Just then, speak of the devil, ghost Lucy is visiting the comatose Joseph. She uses her ghost powers to revive him, and immediately asks her husband about the location of the book.

May is getting grumpy about still being stuck in Radcliffe’s lab, and swears in Chinese under her breath. AIDA effortlessly translates it, which makes May wonder how she knows Chinese. AIDA starts to say that most of her parts were made in China, but Fitz hurriedly interrupts to say she’s from Canada. This mishap aside, May says she likes AIDA: all business, no nonsense.

This confuses AIDA. Later, she asks Radcliffe why Fitz lied about her. She’s programmed not to lie – isn’t that because lying is bad? Well, Radcliffe explains that lies aren’t inherently bad. They can even save lives sometimes. And in this case, Fitz may very well have saved AIDA’s life. This plotline running alongside the first season of Westworld certainly makes for a disquieting comparison. Every time AIDA learns something else about the complexities of consciousness and human interaction, I get nervous, even though she’s been nothing but good so far.

NEXT: Hellfire and brimstone

Simmons and Daisy meet James at the warehouse, as instructed. He claims it’s to pick up some raw explosives for their fight against the Watchdogs, but when he unveils the storage lockers, they’re full of armed Watchdog militants. Ever the villain, James is actually working with them — his tracking-device wristwatch was how the Watchdogs hacked into the Inhuman database in the first place. James has decided that the Inhumans are a scourge, and he’s helping the Watchdogs exterminate them; in exchange, he gets to be the last to die.

Daisy blows them away with a blast and hides in a locker with Simmons, but her powers are taking their toll. As she aches from newfound arm pain, James quickly blows away their cover. He even finds a big ol’ chain in the locker with them. James makes like old times and ignites the chain with fire, only to be grabbed from behind by a perfectly-timed Robbie. “Huh,” he notes, upon seeing the chain. Now that’s an interaction I have low-key been waiting for all season, because even though James was the first Agents of S.H.I.E.L.D. character to swing a flaming chain, Ghost Rider has a decades-old claim on that weapon. So far the show version has just been using car keys and junkyard two-by-fours as weapons, but apparently he thinks the chain is a good idea. When James throws it at him, he grabs it and throws it right back. A natural fit.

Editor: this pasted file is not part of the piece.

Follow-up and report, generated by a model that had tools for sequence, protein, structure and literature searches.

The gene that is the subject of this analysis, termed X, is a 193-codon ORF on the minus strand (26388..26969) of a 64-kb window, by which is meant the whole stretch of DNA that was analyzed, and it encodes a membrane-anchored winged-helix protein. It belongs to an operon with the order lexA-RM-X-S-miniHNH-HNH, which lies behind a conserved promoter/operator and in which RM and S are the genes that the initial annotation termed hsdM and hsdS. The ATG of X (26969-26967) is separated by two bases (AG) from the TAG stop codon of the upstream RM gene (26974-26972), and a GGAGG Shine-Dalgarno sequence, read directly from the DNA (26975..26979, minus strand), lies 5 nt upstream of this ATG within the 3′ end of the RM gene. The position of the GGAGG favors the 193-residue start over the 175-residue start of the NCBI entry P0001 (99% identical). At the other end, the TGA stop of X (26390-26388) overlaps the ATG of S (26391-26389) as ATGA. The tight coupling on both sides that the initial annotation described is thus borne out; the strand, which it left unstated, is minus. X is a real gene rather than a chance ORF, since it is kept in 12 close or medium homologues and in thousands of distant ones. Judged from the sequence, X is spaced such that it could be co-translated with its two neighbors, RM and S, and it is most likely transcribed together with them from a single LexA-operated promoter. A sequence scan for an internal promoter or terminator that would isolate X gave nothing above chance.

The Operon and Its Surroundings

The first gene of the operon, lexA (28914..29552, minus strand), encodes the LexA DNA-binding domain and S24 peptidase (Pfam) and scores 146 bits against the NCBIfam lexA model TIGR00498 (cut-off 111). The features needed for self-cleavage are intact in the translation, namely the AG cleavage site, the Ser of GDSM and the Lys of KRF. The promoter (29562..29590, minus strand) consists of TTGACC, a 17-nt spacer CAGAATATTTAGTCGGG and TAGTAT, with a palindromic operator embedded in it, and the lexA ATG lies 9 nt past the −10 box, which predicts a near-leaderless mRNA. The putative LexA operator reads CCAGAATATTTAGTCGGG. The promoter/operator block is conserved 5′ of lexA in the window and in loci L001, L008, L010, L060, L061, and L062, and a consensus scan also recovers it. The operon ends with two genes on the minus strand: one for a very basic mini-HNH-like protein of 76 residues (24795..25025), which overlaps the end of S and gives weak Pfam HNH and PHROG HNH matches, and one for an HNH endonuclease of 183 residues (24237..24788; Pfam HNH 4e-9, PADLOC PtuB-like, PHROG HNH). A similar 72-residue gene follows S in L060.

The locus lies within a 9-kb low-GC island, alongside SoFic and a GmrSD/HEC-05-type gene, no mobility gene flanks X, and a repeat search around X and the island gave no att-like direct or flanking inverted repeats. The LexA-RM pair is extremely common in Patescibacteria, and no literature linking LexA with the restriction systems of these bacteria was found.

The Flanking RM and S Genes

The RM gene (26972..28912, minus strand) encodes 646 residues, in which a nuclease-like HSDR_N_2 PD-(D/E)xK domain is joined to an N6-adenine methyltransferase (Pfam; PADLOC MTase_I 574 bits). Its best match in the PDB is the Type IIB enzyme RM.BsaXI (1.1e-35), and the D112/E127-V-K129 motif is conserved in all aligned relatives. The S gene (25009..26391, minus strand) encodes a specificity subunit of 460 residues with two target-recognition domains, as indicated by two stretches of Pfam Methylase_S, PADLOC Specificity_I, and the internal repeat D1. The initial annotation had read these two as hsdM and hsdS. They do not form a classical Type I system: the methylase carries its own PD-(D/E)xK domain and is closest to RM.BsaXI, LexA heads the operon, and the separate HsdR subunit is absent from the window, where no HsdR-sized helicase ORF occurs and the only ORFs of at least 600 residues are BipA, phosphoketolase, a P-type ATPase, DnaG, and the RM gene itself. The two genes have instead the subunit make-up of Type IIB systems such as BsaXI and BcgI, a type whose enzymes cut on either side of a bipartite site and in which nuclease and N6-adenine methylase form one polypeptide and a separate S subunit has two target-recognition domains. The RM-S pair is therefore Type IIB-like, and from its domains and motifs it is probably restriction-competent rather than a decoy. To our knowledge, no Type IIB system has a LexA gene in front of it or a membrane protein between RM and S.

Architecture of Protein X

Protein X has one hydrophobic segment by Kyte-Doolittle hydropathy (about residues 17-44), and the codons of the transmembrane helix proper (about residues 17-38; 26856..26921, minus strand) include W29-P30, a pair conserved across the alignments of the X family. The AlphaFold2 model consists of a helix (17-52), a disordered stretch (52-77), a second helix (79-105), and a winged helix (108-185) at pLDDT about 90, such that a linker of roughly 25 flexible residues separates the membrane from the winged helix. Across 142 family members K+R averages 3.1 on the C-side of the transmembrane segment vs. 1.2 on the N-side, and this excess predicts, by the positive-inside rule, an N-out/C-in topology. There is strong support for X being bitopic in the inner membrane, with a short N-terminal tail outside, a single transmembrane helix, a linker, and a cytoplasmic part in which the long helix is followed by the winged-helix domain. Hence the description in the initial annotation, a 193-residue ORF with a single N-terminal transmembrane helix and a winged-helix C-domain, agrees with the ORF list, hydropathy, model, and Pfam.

Daisy and Simmons run off to meet Coulson and Mack. They make quick work of the Watchdog grunts, only to watch flame-engulfed Robbie and James fall through a wall into an arsenal of fireworks. “Had to see that coming,” Coulson notes, genre-savvy as ever. The result is a giant explosion that also sets off a bunch of beautiful fireworks. Robbie quickly emerges from the rubble, dragging a chained-up James behind him — seared, but still breathing.

The episode’s closing feels more like a whole scene unto itself than a typical tease for what’s next. The team arrives at Radcliffe’s to pick up May, and though the veteran agent still sees nothing wrong with AIDA, Simmons immediately perceives she’s an android. I kind of love this, since the premiere made it seem like Fitz keeping his AIDA work a secret was going to be some kind of slow-bubbling drama between him and Simmons. Simmons is mostly impressed (and a little ticked at Fitz for not informing her so they could geek out about it together) — until, that is, she remembers she has a mandatory lie detector test tomorrow.

The gang is back together now, mostly. This episode brought several plot threads together, but had to spend a lot of time mired in exposition. The definite highlight was the unexpected but awesome Ghost Rider-Hellfire showdown, which finally resolved the question of who really deserves to wield a flaming chain.

Episode grade: B